Another drawback that Daniel has found whilst doing his show is the sense of disapproval that members of older generations seem to have for some of his material:

“At one of my show’s there was an old man, I was on stage and I [swore]. He stood up, anyone else would’ve left, but he stood there and had a go at me for 15 minutes. After everything we’re told about learning manners I just thought you’re in an audience of 300 people, 298 are enjoying themselves, so you stand up and ruin it for everyone. I just can’t stand it.”

The frequency of complaints from older members of the audience has made Sloss consider extreme measures for future shows:

“We’re considering putting an age limit on the tickets, but not down the lower end of the spectrum but at the upper end. Not saying that it isn’t suitable for under the age of 15, because those aren’t the ones who are upset by it. If you show 12 year olds someone on stage swearing and talking about sex, they love it! They’re not going to complain. It’s someone over 60 that I worry about. Kids know more than people give them credit for, I learned about sex when I was 8 years old, like most kids. Kids are smarter than old people, maybe not intellectually on a degree basis but all in all…”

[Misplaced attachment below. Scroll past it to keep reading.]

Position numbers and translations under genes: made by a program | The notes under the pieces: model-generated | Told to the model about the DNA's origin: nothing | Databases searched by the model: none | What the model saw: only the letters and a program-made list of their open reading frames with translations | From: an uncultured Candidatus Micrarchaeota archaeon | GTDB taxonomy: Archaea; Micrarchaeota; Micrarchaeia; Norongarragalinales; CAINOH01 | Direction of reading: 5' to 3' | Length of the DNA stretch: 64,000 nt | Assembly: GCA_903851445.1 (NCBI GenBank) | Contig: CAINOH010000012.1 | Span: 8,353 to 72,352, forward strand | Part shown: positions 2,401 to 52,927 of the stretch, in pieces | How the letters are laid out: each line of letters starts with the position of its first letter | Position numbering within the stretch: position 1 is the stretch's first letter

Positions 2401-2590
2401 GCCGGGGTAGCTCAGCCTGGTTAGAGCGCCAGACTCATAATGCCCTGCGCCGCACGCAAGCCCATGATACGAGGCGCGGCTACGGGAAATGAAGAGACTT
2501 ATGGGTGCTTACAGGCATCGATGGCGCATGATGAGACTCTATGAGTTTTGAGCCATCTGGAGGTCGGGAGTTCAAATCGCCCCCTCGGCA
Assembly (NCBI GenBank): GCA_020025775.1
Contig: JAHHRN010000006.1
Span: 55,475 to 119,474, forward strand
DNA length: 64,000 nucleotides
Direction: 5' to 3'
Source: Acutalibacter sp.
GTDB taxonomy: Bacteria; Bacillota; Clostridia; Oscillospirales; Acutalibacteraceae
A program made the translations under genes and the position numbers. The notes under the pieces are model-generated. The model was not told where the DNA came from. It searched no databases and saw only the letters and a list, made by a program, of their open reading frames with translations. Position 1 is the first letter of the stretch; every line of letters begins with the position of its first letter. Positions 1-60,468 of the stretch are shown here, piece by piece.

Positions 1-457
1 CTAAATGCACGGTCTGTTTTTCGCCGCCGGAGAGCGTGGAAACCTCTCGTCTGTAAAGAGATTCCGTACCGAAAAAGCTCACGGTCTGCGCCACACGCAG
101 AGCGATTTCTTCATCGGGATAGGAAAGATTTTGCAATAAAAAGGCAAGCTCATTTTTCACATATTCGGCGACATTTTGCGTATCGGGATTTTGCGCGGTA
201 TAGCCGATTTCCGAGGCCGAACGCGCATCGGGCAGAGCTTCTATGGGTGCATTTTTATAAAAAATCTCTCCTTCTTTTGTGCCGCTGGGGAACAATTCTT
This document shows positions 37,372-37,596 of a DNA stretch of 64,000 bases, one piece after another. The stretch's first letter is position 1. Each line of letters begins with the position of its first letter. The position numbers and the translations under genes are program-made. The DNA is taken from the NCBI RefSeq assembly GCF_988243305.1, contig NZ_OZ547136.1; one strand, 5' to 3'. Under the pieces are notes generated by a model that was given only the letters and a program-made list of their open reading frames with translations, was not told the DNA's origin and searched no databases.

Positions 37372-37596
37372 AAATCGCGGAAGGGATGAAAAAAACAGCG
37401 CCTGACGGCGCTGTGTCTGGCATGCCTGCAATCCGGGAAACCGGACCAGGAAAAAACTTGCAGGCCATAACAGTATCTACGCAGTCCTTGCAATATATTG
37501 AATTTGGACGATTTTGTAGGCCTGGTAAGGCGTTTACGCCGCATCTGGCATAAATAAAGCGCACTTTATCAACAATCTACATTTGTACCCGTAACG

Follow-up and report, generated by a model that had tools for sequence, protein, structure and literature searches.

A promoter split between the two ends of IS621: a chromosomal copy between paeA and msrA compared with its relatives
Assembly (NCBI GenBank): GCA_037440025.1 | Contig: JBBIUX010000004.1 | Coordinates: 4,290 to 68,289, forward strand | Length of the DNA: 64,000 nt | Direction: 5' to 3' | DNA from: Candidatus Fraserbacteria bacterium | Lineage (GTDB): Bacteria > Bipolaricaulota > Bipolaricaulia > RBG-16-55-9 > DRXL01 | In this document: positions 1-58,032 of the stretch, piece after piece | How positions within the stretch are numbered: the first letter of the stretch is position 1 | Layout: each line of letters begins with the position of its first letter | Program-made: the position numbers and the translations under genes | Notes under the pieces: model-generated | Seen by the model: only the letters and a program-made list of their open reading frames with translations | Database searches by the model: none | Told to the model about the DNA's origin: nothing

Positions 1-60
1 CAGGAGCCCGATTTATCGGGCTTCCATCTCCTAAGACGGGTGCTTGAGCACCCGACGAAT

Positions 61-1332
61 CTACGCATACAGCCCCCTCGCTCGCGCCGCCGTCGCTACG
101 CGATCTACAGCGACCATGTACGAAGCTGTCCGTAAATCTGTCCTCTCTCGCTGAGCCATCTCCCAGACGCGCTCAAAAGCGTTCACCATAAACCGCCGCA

However, Sloss makes it very clear that his attitudes are in no way ageist:

“Age isn’t a number, it’s an attitude. When I was at the Soho Theatre, a 91-year-old man in the audience laughed the entire way through. When I did smut he loved it, that’s what it should be about! Then the next day a 55-year-old didn’t approve of anything. Age isn’t a number, its how you are. I would never be ageist, because I wouldn’t refer to someone as old because of their age, I would refer to someone as old because of the way they act.”

So what does he attribute this change in attitude to?